World Health Day is celebrated each year on April 7 and marks the founding of the World Health Organization (WHO), its sponsor. It is an opportunity for the WHO to draw worldwide attention to major important global health issues and this year’s theme is vector-borne diseases — diseases that are spread from one living organism to another.
Watch WHO’s video for this year’s World Health Day:
More than half of the world’s population is at risk from vector-borne diseases such as malaria, dengue, leishmaniasis, Lyme disease, schistosomiasis and yellow fever. They are carried by mosquitoes, flies, ticks, water snails and other vectors. These diseases affect the poorest populations, especially where there is a lack of adequate housing, safe drinking water and effective sanitation.
Malnutrition and weakened immune systems also increase susceptibility to vector-borne diseases and infect more than one billion people, killing more than one million each year. The heartbreaker is that WHO says theses diseases are entirely preventable. WHO Director General Dr. Margaret Chan says “simple, cost-effective interventions like insecticide-treated bed nets and indoor spraying have already saved millions of lives.”
Here are some key facts to remember:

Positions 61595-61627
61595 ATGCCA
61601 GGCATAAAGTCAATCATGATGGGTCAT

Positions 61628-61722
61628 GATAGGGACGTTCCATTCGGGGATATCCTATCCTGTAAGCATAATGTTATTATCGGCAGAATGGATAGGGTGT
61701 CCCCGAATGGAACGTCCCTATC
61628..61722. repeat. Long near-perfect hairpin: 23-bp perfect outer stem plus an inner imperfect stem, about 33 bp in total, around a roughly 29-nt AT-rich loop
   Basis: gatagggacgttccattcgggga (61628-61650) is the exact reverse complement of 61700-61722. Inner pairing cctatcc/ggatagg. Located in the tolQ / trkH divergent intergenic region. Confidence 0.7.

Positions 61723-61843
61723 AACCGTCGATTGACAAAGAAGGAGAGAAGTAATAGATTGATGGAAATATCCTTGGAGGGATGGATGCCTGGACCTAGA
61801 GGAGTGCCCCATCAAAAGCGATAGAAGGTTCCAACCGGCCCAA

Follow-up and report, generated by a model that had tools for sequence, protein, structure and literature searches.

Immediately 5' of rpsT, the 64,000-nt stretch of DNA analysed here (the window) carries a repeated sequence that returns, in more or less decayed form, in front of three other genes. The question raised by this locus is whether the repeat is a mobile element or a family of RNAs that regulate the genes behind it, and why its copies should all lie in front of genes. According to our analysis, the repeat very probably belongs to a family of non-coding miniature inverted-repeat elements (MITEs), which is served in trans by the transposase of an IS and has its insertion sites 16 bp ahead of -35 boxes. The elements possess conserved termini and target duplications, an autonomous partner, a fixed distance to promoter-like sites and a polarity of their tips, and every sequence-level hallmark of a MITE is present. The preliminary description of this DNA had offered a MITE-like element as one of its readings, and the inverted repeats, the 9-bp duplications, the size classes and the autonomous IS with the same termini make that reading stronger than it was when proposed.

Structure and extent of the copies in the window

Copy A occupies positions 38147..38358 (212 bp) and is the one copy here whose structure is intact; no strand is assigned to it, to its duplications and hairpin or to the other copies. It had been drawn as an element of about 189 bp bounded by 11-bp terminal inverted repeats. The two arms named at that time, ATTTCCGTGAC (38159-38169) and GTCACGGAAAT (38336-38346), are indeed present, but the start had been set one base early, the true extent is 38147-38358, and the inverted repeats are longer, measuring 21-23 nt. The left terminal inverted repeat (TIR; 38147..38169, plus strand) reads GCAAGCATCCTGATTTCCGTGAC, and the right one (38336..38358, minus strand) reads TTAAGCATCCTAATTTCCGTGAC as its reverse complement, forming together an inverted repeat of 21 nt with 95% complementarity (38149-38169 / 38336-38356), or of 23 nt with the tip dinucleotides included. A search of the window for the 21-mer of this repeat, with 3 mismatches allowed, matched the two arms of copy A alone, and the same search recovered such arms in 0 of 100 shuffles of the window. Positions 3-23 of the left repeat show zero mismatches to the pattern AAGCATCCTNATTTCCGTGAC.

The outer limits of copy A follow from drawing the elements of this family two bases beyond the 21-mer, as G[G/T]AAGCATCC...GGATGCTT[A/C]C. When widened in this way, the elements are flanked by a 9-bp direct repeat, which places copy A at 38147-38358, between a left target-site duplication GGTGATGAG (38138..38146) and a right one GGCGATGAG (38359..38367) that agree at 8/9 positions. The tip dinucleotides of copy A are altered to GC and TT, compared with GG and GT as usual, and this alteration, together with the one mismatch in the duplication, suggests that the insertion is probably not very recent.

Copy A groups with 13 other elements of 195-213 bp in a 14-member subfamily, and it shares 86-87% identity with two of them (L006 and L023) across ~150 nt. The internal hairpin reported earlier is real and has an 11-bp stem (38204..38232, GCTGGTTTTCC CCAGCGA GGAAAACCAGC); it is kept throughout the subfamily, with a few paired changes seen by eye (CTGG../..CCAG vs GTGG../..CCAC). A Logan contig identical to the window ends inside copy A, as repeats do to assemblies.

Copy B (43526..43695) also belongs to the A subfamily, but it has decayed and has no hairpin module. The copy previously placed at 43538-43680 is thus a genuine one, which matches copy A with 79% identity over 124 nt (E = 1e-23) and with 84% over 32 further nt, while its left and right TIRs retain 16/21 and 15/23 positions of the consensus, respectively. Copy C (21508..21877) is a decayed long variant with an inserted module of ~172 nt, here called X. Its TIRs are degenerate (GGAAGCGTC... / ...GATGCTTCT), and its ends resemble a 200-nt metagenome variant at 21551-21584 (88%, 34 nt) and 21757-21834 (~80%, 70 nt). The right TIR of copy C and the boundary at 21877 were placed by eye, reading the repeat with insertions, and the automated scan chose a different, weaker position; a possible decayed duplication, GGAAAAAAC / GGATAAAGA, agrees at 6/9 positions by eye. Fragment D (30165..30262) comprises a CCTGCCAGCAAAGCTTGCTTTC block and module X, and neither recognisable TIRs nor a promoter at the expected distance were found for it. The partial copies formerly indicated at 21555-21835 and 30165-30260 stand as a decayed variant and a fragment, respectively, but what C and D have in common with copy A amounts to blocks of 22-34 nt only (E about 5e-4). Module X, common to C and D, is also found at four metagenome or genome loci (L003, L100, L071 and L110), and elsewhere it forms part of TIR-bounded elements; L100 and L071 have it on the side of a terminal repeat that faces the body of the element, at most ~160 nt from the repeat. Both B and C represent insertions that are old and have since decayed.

- Vector-borne diseases account for more than 17% of all infectious diseases, causing more than 1 million deaths annually.
- More than 2.5 billion people in over 100 countries are at risk of contracting dengue alone.
- Malaria causes more than 600 000 deaths every year globally, most of them children under 5 years of age.
- Other diseases such as Chagas disease, leishmaniasis and schistosomiasis affect hundreds of millions of people worldwide.
- Many of these diseases are preventable through informed protective measures.
Over the past two decades, many vector-borne diseases have re-emerged or spread to new parts of the world. The WHO says an increase in funds and political commitment are needed to sustain existing vector-control tools and to conduct research.
Stay Safe. Know Before™.
The WeatherBug – Earth Networks Team